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Non-parametric test for clustering in a sequence of binary outcomes
The Δ m, n, 2 statistic on this page allows you to test for clustering of binary outcomes in a sequence. This test can be thought of as a test of clustering in one-dimension or a rank test of clustering.
As an example, if you start with this sequence of binary outcomes
which has exactly m = 30 red bars and n = 30 blue bars from left to right, you may want to answer the question whether the red and blue bars are randomly arranged or not, given that there must be 30 of each. One way to test this is with a Mann-Whitney U-test, also called a Wilcoxon rank-sum test. This test will tell you if the rank of the blue outcomes is significantly greater than the rank of the red outcomes, or vice versa. Essentially, you will be able to determine if one type of outcome clusters on the left-hand side or right-hand side of the sequence. Another way to test this will be with the Δ 30, 30, 2 statistic, whose exact distribution depends on how many red and blue bars there are (see footnote(a) for the meaning of the "2" subscript). The above sequence appears to have a random arrangement of reds and blues.
The sequence below
seems to have clustering of blue bars on the right-hand side (Mann-Whitney p = 2.01 × 10 −4 ).
However, this sequence
does not show a significant rank difference among reds and blues (Mann-Whitney p = 0.80) because the clustering occurs in the middle of the sequence. A new statistic is needed to determine if the red bars above are clustered within the sequence of blue bars.
To construct this new statistic, we borrow from the theory of stochastic processes and define a random walk that follows the order of the blue bars and red bars. For every blue bar, the random walk takes a step up. For every red bar, the random walk takes a step down. Going back to our first example, the random walk and the sequence together look like this:
You can see that when the sequence of reds and blues is truly random, the walk never gets too far away from the horizontal axis.
Looking at our third example, where all of the red bars cluster perfectly in the middle
we see in the random walk that there is a descent of 30 steps in the middle of the walk. If these bars had been arranged at random, there would be about 1.2 × 10 17 possible arrangements, with only 31 of these arrangements having a descent of 30 steps. Thus, the chance that a descent of 30 steps occurs at random is approximately 2.6 × 10 −16 . This case is an easy one to identify as non-random, and we conclude that the red and blues were not ordered randomly. See footnote(b) on maximum ascents.
Our test statistic above is the maximum descent in the walk, which is 30, i.e.
Δ 30, 30, 2 = 30
And we write that
P ( Δ 30, 30, 2 = 30 ) = 2.6 × 10 −16
P ( Δ 30, 30, 2 ≥ 30 ) = 2.6 × 10 −16
since a descent of 31 steps or more is not possible.
Of course, all of the interesting cases occur with some noise. Let’s take a look at this sequence of reds and blues below.
Again, we have 30 red bars and 30 blue bars. And, it does appear that the blues cluster on the left and right, while the reds cluster in the middle. The maximum descent in the above walk is 18 units: at one point, the walk falls from 10 units above the axis to 8 units below the axis. Hence,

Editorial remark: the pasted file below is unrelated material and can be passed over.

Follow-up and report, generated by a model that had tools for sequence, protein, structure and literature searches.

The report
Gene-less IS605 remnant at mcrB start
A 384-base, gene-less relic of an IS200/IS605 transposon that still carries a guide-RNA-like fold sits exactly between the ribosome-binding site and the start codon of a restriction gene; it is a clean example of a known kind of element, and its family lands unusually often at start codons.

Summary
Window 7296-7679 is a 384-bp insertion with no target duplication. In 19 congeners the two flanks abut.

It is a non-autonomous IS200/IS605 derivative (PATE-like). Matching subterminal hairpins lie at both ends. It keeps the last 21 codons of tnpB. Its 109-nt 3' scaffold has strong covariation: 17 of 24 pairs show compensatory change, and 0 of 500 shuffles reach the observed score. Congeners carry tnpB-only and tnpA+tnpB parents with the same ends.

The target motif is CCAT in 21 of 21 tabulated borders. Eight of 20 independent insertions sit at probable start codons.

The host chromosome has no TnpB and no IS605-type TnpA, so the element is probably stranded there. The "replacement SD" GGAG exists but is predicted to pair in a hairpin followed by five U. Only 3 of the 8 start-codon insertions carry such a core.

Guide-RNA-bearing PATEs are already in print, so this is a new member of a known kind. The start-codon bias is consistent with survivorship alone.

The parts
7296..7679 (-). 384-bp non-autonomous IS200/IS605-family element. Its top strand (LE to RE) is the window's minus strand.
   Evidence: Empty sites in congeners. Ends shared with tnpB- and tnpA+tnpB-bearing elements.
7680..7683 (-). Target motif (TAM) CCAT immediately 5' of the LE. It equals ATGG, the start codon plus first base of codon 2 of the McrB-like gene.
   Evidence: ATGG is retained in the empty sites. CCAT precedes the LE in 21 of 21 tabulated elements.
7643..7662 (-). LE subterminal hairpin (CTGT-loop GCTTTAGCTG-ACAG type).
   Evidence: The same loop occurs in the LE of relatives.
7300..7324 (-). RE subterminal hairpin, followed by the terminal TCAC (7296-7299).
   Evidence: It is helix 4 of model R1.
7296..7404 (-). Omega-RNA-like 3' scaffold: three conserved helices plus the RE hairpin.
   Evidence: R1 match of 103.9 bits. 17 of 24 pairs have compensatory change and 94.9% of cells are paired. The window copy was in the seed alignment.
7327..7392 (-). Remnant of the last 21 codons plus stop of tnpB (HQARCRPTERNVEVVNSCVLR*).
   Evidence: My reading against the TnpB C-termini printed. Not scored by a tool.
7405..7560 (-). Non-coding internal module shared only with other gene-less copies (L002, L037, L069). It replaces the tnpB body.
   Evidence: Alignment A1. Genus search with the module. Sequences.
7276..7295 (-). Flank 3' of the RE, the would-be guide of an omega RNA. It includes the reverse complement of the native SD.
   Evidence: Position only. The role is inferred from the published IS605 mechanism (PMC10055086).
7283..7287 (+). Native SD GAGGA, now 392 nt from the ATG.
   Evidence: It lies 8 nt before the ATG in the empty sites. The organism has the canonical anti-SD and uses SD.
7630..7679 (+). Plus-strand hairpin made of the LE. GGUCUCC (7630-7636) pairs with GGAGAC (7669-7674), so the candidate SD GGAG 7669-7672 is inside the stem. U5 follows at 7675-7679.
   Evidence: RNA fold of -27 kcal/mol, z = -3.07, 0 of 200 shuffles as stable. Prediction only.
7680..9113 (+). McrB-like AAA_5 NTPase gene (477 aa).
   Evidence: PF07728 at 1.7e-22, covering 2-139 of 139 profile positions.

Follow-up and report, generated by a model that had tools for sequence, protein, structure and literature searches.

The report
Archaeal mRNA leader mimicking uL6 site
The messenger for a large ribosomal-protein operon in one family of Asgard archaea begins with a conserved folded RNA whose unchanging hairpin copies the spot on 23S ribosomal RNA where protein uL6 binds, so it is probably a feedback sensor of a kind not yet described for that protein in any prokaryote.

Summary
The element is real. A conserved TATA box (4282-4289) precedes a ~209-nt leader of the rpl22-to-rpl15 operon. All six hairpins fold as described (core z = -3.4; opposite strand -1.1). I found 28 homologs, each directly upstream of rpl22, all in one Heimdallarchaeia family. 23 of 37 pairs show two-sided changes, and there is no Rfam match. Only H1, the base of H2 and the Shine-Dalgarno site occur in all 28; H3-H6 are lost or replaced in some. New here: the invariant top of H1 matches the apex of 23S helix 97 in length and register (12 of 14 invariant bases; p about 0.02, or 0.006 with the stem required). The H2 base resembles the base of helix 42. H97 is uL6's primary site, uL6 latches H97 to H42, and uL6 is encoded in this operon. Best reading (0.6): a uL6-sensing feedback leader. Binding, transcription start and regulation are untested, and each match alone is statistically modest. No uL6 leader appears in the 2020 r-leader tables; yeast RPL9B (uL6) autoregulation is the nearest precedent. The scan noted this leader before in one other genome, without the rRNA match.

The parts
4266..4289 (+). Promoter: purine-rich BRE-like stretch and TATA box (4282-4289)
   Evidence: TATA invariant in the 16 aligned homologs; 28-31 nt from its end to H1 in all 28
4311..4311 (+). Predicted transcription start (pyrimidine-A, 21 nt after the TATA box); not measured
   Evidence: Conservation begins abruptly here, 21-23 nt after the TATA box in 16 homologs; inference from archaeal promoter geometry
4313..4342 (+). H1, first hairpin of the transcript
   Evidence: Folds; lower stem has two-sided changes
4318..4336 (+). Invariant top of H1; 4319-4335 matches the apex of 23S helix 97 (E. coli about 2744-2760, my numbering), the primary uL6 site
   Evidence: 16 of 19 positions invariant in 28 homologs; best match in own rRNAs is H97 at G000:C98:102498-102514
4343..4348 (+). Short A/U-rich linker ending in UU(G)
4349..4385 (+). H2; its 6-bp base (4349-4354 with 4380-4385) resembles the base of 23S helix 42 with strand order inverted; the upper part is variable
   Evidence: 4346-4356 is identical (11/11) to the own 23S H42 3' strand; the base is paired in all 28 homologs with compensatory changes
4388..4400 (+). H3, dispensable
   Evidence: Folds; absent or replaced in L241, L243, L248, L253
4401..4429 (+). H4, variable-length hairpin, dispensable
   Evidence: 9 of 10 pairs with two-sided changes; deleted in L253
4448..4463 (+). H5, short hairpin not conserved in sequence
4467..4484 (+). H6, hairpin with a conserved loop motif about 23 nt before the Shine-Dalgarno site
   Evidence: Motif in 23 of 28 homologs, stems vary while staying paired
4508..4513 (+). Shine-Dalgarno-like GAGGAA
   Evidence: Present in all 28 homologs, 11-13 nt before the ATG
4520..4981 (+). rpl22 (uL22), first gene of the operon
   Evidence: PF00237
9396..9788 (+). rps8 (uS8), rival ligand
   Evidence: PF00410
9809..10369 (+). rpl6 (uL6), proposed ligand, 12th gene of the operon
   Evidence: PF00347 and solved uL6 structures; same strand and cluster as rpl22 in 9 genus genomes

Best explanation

Δ 30, 30, 2 = 18
The calculator on this page computes the exact probability(c) of situations like the one above. If you have a random walk with exactly 30 up-steps and 30 down-steps, the calculator will give you the probability that at some point in the walk there is a descent of 18 steps or more.
In other words, you will be computing
P ( Δ 30, 30, 2 ≥ 18 )
Try this out yourself. You should get a p-value of about 1.73 × 10 −4 . This means that if you were to arrange 30 red bars and 30 blue bars at random in a sequence, there is only a 1.73 × 10 −4 probability that this sequence would show the red-clustering that you see above.
(a) You may have noticed that the subscript “2” is not used for anything in the description of Δ m, n, 2 . This “2” simply means that when these red-and-blue sequences are interpreted in the context of nucleotide sequences and recombination, they allow you to compare the alternative hypothesis of 2-breakpoint recombination versus the null hypothesis of clonal evolution. Equivalent statistics can be defined for 3-breakpoint recombination (Δ m, n, 3 ) and 1-breakpoint recombination (Δ m, n, 1 ), but these have different clustering interpretations than the one presented here.
(b) You can also compute the probability of a maximum ascent in a random walk (technically, a hypergeometric random walk). The math is exactly the same, as all you need to do is switch the reds and the blues and compute the probability of a maximum descent. You will see a 'swap' button in the calculator that allows you to do this. What we are not able to compute quickly is the probability that a hypergeometric random walk contains either a descent of greater than k or an ascent of greater than k.
(c) Approximate probabilities are also presented for comparison. These are the continuous and discrete approximations as presented in Hogan and Siegmund (1986).